From My Window
By Jane Thibodeau Martin,
As we prepare to move back to Wisconsin in 2018, I have been hard at work downsizing. That means digging through old boxes, drawers and closets and making lots of painful decisions to part with things. In the course of this thorough review of my belongings, I found several keepsakes that were special to me specifically because I found them.
Nearly everyone has a story about finding something unexpected, surprising or unusual. (In fact, this is an awesome conversation starter with both people you know well, and those you have just met.) Because I spend a lot of time walking, most of my finds occurred outside, but people find unusual things inside, in public places, as well.
The most surprising thing I ever found was a grave marker on my parent's property when I was very young. That got me thinking about other unusual things found by people in my family. I asked family members what they thought was the most significant thing they ever found. Not surprisingly, since we grew up playing outdoors so much, all my siblings made their unusual finds outside. My youngest sister found a beautiful Native American arrowhead near Peshtigo Harbor " a wonderful find. My daughter also found an arrowhead, but she found hers on the shore of a river here in Oklahoma. My husband found a man's gold and onyx ring, run over by cars and smashed, outside a business. He told the business owner of the find in case anyone was looking for it; but no one was. He had the ring repaired and still has it today.
My other sister found a World War II campaign hat in the ditch by our house. One of my cousins also had a "ditch" find, a book that was, well, inappropriate. That's as kindly as I can put it. (A lot of people are concerned about "porn" on the internet, but let me assure you, such things have been around since the beginning of time, in various media. This find was way back in the very early 60's.) But probably the strangest find in our family was my brother's discovery of a month-old body in the Menominee River. That story is so interesting, I will feature his essay on this grisly experience in the column next week.
But this rumination gave me an idea for disposing of a large collection of coins I had, found during the ruthless downsizing project. Most of them were foreign currency I had kept from travels when I was younger " coins and a couple of bills from Mexico, the Bahamas, and the United Kingdom. I could have taken them to a bank that does currency exchanges, or kept them, but instead I decided to try and give someone else the fun of an unexpected find.
So I poured the money into a cup and put it in my car where I'd remember it was there. As I ran errands the last few weeks, I took one or two of the coins or bills with me, and left them in places for other people to find. I really hope most of them are found by children who will be excited by the unusual currency, but maybe one or two of them will be found by adults who appreciate the unexpected as well.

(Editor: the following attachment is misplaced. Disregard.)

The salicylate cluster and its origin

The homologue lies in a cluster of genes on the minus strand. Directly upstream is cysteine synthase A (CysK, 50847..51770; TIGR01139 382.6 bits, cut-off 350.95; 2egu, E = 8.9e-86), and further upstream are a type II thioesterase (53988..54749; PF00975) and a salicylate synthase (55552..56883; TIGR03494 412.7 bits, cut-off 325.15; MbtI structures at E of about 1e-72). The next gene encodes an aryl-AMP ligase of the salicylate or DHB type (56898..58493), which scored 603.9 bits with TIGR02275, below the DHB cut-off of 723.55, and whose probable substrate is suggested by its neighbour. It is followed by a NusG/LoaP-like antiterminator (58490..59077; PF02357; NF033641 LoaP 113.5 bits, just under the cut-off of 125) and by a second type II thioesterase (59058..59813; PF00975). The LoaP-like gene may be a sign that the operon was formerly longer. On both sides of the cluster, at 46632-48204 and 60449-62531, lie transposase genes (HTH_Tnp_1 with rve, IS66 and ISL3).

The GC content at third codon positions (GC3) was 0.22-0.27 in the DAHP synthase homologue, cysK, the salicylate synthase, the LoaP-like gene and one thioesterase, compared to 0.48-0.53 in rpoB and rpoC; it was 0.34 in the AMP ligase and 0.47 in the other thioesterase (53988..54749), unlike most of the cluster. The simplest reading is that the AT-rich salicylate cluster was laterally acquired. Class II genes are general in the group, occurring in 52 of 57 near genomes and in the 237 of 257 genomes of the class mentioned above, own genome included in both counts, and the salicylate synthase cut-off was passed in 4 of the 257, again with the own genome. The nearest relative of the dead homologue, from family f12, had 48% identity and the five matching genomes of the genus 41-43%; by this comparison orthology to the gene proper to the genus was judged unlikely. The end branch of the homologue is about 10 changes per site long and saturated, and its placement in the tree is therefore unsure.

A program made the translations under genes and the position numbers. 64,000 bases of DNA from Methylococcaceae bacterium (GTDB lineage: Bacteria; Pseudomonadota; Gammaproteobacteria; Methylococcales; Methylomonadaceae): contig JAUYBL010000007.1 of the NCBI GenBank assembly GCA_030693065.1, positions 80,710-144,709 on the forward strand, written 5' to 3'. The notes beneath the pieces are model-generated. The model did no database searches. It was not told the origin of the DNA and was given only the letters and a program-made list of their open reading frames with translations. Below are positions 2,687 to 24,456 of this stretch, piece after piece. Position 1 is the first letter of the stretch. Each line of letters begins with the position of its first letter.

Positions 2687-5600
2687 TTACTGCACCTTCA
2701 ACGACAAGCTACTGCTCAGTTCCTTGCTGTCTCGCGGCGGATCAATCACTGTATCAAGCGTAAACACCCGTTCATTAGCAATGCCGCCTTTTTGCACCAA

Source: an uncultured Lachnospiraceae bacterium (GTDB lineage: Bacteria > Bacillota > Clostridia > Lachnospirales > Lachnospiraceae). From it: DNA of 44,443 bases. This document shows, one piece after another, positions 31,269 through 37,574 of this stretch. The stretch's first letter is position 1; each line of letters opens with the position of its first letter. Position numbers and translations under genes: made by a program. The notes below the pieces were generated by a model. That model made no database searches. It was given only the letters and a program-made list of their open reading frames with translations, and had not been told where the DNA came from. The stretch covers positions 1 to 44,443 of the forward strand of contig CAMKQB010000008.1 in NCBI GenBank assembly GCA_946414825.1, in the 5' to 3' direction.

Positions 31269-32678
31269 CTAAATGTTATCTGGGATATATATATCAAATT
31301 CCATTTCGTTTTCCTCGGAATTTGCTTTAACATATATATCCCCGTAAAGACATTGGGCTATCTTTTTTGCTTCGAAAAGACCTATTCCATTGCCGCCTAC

I was careful not to put them anywhere a person would be distracted and at risk of injury, like on streets or other high-traffic areas, but I left them in public places, in plain sight. I like thinking about someone noticing the coin or bill, picking it up, and wondering how a shilling from England found its way to the bike rack at the YMCA. Or maybe someone will find the nickel from the Bahamas I left near the entrance to my grocery story. The Bahamian nickels have scalloped edges and beautiful engraving on them " they are so nice, in fact, I had one made into a necklace for myself. Maybe someone who finds it will wonder, like I did, why we don't have any money so pretty.
Quite a few people have hobbies which are, at their core, looking for unexpected, surprising or unusual things. Amateur fossil hunters, antique lovers, rummage sale addicts and metal detector operators come right to mind, but there are others. One of my childhood friends had found a small "dump" area south of Peshtigo near the river, and we spent a fun day as kids digging through it looking for interesting things (but we found lots of rusty junk.)
But it's just as fun, or more, to find something when you aren't even looking for it. It is our human nature, as the primitive hunter-gatherers we once were, to always be looking around. I wish you the fun of the find!
You can reach me for commentary, alternative viewpoints or ideas at this e-mail address: Janiethibmartin@gmail.com.
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